-Rahma Farah (South High School, class of 2021)

students build a garden trellis

students brainstorming

New Frontiers in Civic Revitalization: Local Democracy Summit

The Public Work Academy at Augsburg University and the Wisconsin Institute for Public Policy and Service are co-presenting a local democracy summit in Wausau, Wisconsin.

New Frontiers in Civic Revitalization:
Local Democracy Summit

November 15, 2018 • 9:30 a.m. – 3:30 p.m.

UW Center for Civic Engagement
625 Stewart Ave Wausau, WI 54403

 Register Now!   Registration is limited to the first 75 attendees

The theory and practice of “public work” are transforming civic and professional practice in the United States and abroad.           – David Mathews, President, Kettering Foundation

Communities across the nation face fragmentation and polarization. Yet cities and towns, large and small, also have the potential to be the seedbed for a rebirth of citizenship and democracy – providing an alternative to the national politics of blame and gridlock.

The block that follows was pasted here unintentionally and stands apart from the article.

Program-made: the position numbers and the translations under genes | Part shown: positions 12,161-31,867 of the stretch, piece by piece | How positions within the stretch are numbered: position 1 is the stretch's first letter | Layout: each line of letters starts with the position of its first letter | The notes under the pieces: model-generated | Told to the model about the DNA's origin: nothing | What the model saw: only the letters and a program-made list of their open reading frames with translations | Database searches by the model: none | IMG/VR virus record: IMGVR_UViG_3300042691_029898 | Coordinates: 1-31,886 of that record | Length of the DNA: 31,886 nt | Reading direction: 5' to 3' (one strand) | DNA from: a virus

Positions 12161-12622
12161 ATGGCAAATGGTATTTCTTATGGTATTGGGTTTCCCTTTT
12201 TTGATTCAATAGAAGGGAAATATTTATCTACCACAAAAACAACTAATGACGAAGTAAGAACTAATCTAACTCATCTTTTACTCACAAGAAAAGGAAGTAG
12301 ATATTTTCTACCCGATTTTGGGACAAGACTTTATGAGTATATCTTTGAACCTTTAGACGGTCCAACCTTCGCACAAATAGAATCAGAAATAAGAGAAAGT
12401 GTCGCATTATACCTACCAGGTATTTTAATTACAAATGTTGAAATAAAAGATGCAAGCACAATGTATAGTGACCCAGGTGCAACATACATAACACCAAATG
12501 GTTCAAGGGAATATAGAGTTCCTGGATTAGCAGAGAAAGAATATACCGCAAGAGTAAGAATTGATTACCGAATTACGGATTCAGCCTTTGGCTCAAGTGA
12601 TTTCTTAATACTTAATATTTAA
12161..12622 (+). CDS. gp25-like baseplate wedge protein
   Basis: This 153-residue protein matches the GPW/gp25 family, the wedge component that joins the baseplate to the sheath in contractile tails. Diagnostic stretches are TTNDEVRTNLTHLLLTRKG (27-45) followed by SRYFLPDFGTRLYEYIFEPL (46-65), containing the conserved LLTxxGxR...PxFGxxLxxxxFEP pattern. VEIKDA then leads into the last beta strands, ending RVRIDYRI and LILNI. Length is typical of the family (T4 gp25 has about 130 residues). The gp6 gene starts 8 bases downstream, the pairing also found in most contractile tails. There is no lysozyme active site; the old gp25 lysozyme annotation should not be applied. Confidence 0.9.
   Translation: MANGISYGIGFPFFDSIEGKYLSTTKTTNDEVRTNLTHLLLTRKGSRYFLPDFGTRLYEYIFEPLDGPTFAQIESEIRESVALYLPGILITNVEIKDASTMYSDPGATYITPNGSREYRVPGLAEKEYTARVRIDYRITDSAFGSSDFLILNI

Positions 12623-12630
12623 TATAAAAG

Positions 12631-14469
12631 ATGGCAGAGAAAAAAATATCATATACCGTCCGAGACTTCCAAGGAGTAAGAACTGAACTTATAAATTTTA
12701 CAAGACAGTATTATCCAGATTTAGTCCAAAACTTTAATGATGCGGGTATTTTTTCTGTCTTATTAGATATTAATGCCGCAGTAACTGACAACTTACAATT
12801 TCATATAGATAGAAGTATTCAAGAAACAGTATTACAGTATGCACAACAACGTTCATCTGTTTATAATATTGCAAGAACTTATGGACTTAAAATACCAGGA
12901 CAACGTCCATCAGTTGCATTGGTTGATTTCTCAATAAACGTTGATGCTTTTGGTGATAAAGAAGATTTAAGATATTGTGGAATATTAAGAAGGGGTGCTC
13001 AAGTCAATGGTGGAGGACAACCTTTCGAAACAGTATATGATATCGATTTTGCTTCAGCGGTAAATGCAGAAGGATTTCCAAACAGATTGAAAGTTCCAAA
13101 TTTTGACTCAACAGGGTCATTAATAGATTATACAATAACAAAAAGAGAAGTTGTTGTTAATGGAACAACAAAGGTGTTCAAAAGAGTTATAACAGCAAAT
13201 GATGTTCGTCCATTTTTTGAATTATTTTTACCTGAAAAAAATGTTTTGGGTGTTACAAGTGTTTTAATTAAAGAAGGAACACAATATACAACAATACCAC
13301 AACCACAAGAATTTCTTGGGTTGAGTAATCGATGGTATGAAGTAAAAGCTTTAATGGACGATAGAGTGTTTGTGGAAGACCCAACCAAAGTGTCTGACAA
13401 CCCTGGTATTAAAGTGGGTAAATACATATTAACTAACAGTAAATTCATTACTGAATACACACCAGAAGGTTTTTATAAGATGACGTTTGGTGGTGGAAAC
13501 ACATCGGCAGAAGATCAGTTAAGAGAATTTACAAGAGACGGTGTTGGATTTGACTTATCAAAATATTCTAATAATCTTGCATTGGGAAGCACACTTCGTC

This summit at the Wisconsin Institute for Public Policy and Service will introduce civic leaders from Wisconsin to the new Midwest Public Work Academy’s Small Cities Democracy Network located at Augsburg University in Minneapolis. Participants will:

  • Engage in a high-level conversation with thought leaders across multiple sectors – including business, education, government, health care, foundations, and more.
  • Share perspectives, examples and leading practices in citizen-centered efforts to address public problems and create shared community resources across partisan and other differences.
  • Learn from case studies of effective citizen-government and cross-partisan partnerships for the common good such as “Clear Vision Eau Claire,” “Better Angels” and “Public Achievement.”
  • Receive training from internationally recognized leaders in public work, including Harry Boyte, Marie Ström and Mike Huggins.